BALTIMORE -- Josh Beckett has never been shy about letting it be known when he believes his postgame inquisitors are straying too far afield. This was one of those times.
"What is this, TMZ?'' Beckett said, referring to the gossipy website, after Wednesday night's 5-4 loss to the Baltimore Orioles. "I thought we were talking about a baseball game. You want to know about bat flips and talking to umpires. I think, why don't we just stick to the game.''
The flipped bat, cockily dispatched by Luke Scott in the fourth inning after he hammered a two-run home run onto Eutaw Street, and the heated discussion with plate umpire Fieldin Culbreth, which followed the inning in which Beckett gave up back-to-back home runs by Scott and Adam Jones, did not occur in a vacuum, of course.
Neither Scott's flamboyant gesture nor the exchange with Culbreth, who appeared to initiate the discussion as Beckett pointed animatedly into the Orioles dugout, cost the Sox the game, Boston rallying to tie the score at 4 behind an RBI single by Adrian Gonzalez and a three-run home run by Kevin Youkilis. But they were clearly a sore subject for Beckett, who other than that momentary lapse pitched well enough to win his third straight decision.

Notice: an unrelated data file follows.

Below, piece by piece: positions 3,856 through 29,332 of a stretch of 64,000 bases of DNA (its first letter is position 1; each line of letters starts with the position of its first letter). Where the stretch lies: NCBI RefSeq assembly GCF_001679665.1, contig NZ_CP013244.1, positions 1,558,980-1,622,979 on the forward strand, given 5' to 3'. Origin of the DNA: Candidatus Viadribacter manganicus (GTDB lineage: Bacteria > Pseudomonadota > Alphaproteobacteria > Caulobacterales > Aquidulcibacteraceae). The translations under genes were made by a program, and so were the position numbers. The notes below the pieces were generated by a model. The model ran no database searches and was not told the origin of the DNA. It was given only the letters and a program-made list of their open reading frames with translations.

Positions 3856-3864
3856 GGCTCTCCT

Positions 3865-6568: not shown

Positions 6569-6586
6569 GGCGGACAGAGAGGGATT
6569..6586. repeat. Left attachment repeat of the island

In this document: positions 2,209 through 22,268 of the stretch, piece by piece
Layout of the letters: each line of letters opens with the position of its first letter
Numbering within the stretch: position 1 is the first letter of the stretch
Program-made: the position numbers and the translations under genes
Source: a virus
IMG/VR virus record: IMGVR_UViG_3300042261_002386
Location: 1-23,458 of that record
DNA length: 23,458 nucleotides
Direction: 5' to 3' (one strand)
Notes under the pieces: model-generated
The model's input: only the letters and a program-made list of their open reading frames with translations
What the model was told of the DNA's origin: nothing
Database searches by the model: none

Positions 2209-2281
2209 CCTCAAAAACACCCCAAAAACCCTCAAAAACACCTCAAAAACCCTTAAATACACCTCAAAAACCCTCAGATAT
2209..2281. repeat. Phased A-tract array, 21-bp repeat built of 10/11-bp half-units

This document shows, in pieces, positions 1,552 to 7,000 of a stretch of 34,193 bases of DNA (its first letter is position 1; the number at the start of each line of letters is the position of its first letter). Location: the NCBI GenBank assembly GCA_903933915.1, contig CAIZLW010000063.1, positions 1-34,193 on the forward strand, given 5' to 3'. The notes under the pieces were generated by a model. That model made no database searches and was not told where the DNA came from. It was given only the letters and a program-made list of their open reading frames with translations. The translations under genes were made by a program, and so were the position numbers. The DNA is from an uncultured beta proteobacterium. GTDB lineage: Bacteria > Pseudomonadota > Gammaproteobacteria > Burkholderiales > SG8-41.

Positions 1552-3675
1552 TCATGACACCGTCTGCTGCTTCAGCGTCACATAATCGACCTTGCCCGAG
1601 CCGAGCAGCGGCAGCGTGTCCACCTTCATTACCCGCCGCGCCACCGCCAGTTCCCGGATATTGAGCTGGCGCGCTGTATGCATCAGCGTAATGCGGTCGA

Beckett's on-field reaction to Scott's flip, which came a long beat after he crushed a Beckett cutter 426 feet?
Well, the Sox pitcher isn't wired for sound, but it appeared he followed Scott's passage around the bases with a monologue worthy of Mamet, who never met an expletive he didn't like.
"I wasn't paying attention,'' Scott told Baltimore reporters. "I was just rounding the bases, enjoying the moment and thanking the Lord at the same time. I respect every pitcher that takes the mound against me. He's a tremendous competitor and I have all the respect in the world for him.''
Before Beckett made it clear he was through discussing the issue, he briefly responded to questions about the bat flip. His reaction?
"It's not my deal,'' he said.
When the followup question noted that his observed response suggested displeasure, he tersely replied: "Those things have a way of working themselves out.''
If Beckett momentarily lost his focus, Jones quickly exploited the opening, jumping on a 2-and-0 sinker that Beckett said he left right down the middle.
Catcher Jason Varitek didn't think it was a focus issue.
"He tried to get the ball down,'' the catcher said. "He threw a decent curveball that could have gone either way early in that count (it was called a ball). I don't think that pulled away from Josh's focus.''
The substance of the conversation with Culbreth was a bit murkier. Beckett had yelled at the umpire to toss him a new ball after Jones dispatched a 2-and-0 pitch into the seats to make it 4-0. As he came off the mound at the end of the inning, Culbreth headed toward him and they met at the third-base line, with Beckett clearly gesturing at the Orioles' dugout. It's possible Culbreth was suggesting he abandon any notion of retaliation.
Regardless, Beckett did not administer any frontier justice, sticking to the business at hand as he retired Scott on a fly ball the next time he faced him.
Red Sox manager Terry Francona, asked about Scott, said: "I don't know, I don't watch that. Our guys do that sometimes, too.''
Beckett's change-up continues to be an impressive addition to his arsenal. His takeaway on the game: "Came up one short. We did a good job of battling back, and that's good to see.''